# Understanding Keys

This guide assumes that you've already read the In Depth introduction to Elementary, and picks up where the In Depth introduction leaves off when it references keys.

If your application only ever makes a single call to `core.render`

, then this section won't
really apply, and in such a case the behavior is well explained in In Depth.
However, audio applications frequently exhibit dynamic behavior, and it's in this context that
we'll explore what happens when you make multiple successive calls to `core.render`

.

To start, let's examine a simple synthesizer:

`let voices = [`

{gate: 0.0, freq: 440},

{gate: 0.0, freq: 440},

];

function synth(vs) {

return el.add(vs.map(function(v) {

return el.mul(v.gate, el.cycle(v.freq));

});

}

core.on('load', function() {

core.on('midi', function(e) {

let vs = updateVoices(voices, e);

core.render(synth(vs), synth(vs));

});

});

In this example, we start by installing a `'midi'`

event handler in the `'load'`

event
callback. The `'midi'`

event handler will be fired on any incoming MIDI event from a connected
MIDI controller, and the argument `e`

is an object describing the event. When that happens,
we will update our `voices`

object appropriately, and invoke `core.render`

again with the result
of calling `synth`

with our updated voices.

For brevity, we're omitting the actual implementation of `updateVoices`

, but we can imagine here that
such an implementation would look at the incoming event, `e`

, and if it's a `noteOn`

event, we'd update
one of the voices in our array to set its `gate: 1.0`

and its `frequency: e.noteFrequency`

. Perhaps in
such a case, our resulting voices array would look like this:

`[`

{gate: 1.0, freq: 110},

{gate: 0.0, freq: 440},

];

And similarly during a `noteOff`

event we'll consult the voices object to set the appropriate voice's
`gate`

value back to `0`

.

Now, after updating our voices, we re-run the `synth`

function and then call `core.render`

again. Here's
where the behavior gets interesting. On the first call to `core.render`

, Elementary is starting from a
blank slate and simply does the work to realize the graph you've provided. On the second call, Elementary will compare the
new signal to render with the one that it has most recently rendered for you already. While doing this, Elementary
will look for the the minimal set of changes to apply to the existing rendering to arrive at the new desired state, and
apply those changes. This is much like the "virtual DOM diff" that React.js popularized for web applications.

## Keys

Now, to explain what keys are and how they're useful, we have to understand this diff in a little more detail. To start, consider the following two signals:

`let x = el.cycle(440);`

let y = el.cycle(441);

Intuitively, we might look at these and think "well, those are the same thing just at different frequencies." While that's
true in one sense, Elementary here takes a very literal, mathematical approach. In Elementary, signals are all represented
as functions. Even the constant value node, `440`

or `el.const({value: 440})`

is seen as a function `f(x) = 440`

. In the
mathematical sense, then, all signals are ultimately represented as composed functions, such as `h(g(f(x)))`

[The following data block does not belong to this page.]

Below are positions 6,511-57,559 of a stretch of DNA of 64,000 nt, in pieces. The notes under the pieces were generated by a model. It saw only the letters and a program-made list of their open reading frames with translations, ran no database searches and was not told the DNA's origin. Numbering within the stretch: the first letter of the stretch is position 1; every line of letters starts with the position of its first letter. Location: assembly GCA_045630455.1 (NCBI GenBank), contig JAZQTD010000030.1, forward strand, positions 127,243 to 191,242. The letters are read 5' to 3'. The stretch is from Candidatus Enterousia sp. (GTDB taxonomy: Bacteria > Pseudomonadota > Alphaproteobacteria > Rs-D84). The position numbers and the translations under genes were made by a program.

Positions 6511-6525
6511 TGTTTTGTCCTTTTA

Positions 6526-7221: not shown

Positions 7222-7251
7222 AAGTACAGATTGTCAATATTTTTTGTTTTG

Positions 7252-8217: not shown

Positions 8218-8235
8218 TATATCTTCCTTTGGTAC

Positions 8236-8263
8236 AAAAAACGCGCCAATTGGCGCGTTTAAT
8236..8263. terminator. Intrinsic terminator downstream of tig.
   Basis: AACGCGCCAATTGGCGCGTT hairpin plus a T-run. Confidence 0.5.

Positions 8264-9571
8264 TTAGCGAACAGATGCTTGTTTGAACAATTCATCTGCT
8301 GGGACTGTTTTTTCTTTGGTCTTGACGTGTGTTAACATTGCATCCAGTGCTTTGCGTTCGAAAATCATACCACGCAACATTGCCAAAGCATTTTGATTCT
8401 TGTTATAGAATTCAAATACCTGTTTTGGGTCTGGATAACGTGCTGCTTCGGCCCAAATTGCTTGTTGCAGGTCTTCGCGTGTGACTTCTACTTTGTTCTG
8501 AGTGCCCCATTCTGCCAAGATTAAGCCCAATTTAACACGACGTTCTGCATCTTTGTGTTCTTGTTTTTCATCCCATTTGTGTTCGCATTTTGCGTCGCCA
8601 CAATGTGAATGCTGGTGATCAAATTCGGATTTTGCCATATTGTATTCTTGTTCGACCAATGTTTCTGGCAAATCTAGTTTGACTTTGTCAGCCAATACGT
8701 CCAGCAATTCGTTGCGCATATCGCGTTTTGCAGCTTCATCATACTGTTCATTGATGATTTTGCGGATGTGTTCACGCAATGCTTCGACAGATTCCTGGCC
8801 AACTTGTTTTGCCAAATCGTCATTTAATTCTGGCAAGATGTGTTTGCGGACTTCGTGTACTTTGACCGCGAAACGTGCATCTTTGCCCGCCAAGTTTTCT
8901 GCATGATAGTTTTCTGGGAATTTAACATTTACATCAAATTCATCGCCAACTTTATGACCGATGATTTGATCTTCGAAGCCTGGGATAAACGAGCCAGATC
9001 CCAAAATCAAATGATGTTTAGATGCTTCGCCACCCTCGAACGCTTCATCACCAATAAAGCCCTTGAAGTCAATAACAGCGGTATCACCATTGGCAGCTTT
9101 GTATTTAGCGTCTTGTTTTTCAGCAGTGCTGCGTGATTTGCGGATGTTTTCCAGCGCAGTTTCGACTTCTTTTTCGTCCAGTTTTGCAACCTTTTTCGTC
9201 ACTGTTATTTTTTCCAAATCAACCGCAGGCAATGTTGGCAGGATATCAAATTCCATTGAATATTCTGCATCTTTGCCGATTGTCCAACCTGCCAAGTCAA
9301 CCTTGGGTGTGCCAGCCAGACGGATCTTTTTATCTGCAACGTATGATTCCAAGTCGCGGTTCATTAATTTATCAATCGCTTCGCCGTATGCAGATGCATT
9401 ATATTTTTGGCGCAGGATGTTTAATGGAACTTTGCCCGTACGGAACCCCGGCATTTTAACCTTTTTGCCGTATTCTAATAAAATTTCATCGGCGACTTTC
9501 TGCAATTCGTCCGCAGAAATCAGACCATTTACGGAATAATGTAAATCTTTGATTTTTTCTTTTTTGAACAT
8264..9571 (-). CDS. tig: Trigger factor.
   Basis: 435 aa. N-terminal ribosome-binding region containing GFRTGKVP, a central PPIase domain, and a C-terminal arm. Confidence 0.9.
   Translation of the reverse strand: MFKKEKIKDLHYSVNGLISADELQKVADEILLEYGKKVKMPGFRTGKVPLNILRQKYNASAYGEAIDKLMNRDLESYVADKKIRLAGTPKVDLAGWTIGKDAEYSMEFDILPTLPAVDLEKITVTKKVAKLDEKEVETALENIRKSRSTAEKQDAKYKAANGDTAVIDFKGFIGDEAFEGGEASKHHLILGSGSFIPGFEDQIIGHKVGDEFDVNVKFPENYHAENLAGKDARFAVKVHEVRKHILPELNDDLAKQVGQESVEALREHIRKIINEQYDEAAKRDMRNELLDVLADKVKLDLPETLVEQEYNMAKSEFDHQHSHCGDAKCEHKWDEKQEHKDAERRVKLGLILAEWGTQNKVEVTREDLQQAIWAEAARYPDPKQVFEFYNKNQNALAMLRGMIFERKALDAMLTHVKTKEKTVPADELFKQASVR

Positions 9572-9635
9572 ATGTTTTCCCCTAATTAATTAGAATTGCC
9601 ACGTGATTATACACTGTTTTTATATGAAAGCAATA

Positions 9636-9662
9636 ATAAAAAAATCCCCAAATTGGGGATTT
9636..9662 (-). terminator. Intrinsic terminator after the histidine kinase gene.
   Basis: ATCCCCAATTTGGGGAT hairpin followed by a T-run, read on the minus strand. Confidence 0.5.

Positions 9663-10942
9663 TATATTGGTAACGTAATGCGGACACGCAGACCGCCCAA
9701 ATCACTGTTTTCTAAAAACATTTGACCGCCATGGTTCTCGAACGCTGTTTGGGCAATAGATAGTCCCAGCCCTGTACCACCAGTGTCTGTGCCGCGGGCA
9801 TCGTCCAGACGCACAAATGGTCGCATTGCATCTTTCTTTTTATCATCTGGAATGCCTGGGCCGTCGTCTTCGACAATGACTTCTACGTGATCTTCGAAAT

. In this particular case,
Elementary views `f(x) = 440`

as a strictly different function from `e(x) = 441`

, and therefore `g(f(x))`

is strictly a different
function from `g(e(x))`

, even if these functions have similar properties (such as, that they both produce a continuous sinusoidal signal).

Through that lens, if we then write:

`let x = el.cycle(440);`

let y = el.cycle(441);

core.render(x);

core.render(y);

We ask Elementary to render what it believes to be two strictly different signals. In this case, Elementary won't, by default, be
able to find the most minimal change to move from `x`

to `y`

, and so it will render a new graph and smoothly fade over to it. Here
is exactly where the notion of keys fit in. When we ask Elementary to render `x = g(f(x))`

and then render `y = g(e(x))`

, keys are our
way of helping Elementary see that `f = e`

but for a small property change (in this case, setting the property `value`

of our const node
from 440 to 441). So, if instead of the above, we write:

`let x = el.cycle(el.const({key: 'test', value: 440}));`

let y = el.cycle(el.const({key: 'test', value: 441}));

core.render(x);

core.render(y);

Elementary will be able to find that the signals you're rendering are identical but for the property change, and it will simply apply that property change and be done.

So, returning to our synth example above and applying what we now know, we can see that as written, Elementary
will render a completely new graph every time we change the `voices`

array and re-render. To fix this and help
Elementary find the minimal change set and preserve all running notes, we need to make the following update:

`let voices = [`

{gate: 0.0, freq: 440, key: 'v1'},

{gate: 0.0, freq: 440, key: 'v2'},

];

function synth(vs) {

return el.add(vs.map(function(v) {

return el.mul(

el.const({key: `${v.key}:gate`, value: v.gate}),

el.cycle(el.const({key: `${v.key}:freq`, value: v.freq}))

);

});

}

With these changes, you can see that we're uniquely identifying the `const`

node responsible for each voice's
gate value, and the `const`

node responsible for each voice's frequency value, which is all Elementary needs
to find and make the minimal set of changes (two property value changes) for each noteOn/noteOff event.

Finally, it's worth noting that the `key`

prop can be passed down to any primitive rendering node for this
unique identification between render passes, but it's almost always at the leaf nodes (nodes which have no children themselves, like `const`

) where
using a key is valuable.